The Claymore Straker series by Paul Hardisty is without a doubt a very valuable jewel in the Orenda Books crown. Every novel is a journey, figuratively and literally as Straker travels far and wide to fight his cause. I was honoured to be asked back on to the blog tour for this latest instalment.

In Absolution, Straker almost shares the limelight with his old flame, Rania, as she gives an account of her story in journal form alongside the third person narration of Clay’s story. Having kept his head down since giving evidence about his military service in South Africa to the Truth and Reconciliation Commission, his cover is blown and those who surround him are put in grave danger as he is hunted down. Parallel to this, Rania’s husband and young son have gone missing, and she is being framed for their murder. As both parties try to solve their problems using their skills honed from previous adventures, Clay and Rania try to help each other whilst fighting their feelings for each other for the greater good.

As with the other books in this series, Hardisty writes with great intelligence and weaves his narrative with scientific, political and religious analysis to educate the reader and provide truthful background to the settings in which he places Clay and Rania. Together with the stunning imagery to describe the most barren of landscapes, and his brilliant character structuring, a Hardisty novel does not disappoint.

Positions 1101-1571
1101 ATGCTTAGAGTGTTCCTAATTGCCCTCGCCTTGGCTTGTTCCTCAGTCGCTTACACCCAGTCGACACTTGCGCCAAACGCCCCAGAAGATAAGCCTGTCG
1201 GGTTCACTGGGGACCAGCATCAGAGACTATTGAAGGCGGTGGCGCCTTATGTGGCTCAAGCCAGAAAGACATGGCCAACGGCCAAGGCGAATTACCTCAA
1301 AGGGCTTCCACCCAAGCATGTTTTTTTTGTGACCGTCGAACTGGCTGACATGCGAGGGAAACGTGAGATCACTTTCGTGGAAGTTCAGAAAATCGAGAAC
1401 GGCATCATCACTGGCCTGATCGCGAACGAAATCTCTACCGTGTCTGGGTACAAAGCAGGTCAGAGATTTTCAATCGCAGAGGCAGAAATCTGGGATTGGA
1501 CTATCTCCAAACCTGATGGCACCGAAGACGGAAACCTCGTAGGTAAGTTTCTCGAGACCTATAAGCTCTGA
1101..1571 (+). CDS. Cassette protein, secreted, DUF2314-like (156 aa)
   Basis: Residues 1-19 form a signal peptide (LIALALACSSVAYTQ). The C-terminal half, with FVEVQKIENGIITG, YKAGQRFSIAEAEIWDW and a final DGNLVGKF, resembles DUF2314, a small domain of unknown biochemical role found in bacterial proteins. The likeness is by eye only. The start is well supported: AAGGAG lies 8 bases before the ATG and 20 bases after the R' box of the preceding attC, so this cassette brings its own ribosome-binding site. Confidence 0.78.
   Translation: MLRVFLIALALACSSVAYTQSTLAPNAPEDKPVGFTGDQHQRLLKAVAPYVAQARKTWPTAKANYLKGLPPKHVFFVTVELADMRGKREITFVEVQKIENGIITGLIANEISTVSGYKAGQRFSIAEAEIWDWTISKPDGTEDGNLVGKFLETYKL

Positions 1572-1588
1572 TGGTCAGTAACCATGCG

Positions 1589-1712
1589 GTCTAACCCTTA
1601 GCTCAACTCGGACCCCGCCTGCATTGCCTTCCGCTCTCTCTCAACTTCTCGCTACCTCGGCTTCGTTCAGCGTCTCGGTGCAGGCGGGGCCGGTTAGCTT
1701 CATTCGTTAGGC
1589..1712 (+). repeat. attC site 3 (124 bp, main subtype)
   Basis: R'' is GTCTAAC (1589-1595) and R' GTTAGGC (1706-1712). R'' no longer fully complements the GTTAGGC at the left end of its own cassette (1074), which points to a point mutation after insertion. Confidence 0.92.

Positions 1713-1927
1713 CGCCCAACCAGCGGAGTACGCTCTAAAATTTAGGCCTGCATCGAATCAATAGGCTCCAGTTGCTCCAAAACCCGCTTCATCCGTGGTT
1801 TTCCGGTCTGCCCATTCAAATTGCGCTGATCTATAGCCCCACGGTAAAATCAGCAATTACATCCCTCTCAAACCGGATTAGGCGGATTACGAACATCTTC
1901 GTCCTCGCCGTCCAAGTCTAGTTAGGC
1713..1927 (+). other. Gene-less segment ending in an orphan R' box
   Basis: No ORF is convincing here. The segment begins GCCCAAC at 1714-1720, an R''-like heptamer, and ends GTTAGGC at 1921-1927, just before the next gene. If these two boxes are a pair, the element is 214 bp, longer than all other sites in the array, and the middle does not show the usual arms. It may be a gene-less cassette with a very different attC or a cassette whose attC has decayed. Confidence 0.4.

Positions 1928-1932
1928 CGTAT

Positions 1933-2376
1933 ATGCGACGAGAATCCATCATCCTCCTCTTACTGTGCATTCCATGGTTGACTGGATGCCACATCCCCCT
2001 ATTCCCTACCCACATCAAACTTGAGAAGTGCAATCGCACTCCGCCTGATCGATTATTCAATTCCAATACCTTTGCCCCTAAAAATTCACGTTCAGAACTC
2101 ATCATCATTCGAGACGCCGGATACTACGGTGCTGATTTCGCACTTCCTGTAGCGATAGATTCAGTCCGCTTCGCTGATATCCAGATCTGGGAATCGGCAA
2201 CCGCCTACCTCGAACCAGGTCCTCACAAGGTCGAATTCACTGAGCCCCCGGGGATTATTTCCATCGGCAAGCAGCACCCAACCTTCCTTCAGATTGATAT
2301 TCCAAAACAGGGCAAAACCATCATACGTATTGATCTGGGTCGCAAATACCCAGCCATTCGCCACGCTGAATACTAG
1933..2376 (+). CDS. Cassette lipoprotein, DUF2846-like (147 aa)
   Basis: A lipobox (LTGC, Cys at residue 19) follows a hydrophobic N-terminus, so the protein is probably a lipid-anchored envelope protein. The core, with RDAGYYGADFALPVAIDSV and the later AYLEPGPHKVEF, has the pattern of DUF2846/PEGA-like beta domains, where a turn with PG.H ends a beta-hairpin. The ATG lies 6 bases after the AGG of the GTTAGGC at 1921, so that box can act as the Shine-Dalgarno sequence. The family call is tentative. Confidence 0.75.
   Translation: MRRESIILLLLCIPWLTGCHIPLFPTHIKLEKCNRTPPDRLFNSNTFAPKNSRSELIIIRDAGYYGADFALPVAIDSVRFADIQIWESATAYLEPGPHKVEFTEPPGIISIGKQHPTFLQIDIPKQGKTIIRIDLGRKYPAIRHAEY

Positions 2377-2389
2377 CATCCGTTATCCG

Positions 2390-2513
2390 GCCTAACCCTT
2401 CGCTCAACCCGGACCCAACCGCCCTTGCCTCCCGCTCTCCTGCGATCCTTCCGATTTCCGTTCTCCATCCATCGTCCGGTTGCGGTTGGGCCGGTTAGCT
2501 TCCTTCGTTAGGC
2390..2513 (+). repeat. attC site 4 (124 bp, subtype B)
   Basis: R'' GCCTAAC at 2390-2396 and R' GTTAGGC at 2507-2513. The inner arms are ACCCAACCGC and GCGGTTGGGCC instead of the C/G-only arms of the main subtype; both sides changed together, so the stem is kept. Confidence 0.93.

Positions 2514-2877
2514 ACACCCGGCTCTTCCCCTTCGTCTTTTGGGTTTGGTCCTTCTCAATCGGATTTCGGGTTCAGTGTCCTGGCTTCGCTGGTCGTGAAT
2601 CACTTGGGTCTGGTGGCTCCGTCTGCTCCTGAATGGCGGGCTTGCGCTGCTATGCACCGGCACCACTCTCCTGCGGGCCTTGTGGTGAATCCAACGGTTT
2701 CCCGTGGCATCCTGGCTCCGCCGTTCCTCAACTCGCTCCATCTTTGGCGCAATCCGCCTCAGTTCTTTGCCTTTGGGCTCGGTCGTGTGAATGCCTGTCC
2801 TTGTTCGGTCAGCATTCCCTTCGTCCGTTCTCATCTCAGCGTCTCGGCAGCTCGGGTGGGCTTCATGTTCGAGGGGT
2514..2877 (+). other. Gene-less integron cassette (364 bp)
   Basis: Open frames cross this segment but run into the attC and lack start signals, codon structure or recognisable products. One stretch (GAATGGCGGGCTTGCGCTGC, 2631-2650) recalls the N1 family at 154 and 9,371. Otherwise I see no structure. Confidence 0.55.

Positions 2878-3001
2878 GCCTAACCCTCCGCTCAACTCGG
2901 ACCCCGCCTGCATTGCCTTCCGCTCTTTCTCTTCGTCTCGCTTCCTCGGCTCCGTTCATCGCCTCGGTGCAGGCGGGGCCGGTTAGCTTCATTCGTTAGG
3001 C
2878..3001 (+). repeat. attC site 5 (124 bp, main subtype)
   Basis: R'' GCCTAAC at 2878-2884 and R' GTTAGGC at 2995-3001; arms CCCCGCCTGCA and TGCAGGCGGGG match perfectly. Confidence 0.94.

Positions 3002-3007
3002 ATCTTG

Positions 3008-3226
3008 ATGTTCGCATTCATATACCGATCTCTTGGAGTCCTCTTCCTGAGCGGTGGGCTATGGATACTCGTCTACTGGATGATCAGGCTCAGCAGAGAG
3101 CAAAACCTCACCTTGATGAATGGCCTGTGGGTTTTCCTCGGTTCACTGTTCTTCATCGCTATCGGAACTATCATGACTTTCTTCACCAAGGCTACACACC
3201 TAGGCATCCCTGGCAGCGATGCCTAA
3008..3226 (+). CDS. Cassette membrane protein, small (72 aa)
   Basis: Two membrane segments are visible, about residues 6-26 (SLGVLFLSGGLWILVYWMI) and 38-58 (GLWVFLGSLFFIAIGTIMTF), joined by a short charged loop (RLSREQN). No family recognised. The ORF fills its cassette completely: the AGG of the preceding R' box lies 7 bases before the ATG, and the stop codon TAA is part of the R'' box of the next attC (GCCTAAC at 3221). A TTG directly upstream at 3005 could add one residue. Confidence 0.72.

The dual narrative with Rania’s diary and Clay’s perspective through a third person works really well. Both characters are flawed and are haunted by their past actions, yet both characters are driven by love to make difficult choices. Sometimes there is no good decision for the character’s to make and Hardisty’s bravery for putting these decisions into their hands is to be admired.

This novel moves fast and it did not take me long to read it, mainly because I could not put it down. Straker is such an intriguing character and no matter what he does, the reader wants him to have a happy ending, ideally with Rania given their attraction to each other. From the title of the book, and the direction the narrative takes, Hardisty could well leave this series as it is and it will be beautifully rounded off. However, there is undoubtedly potential for more and I would be sorry if this would be the last Straker novel.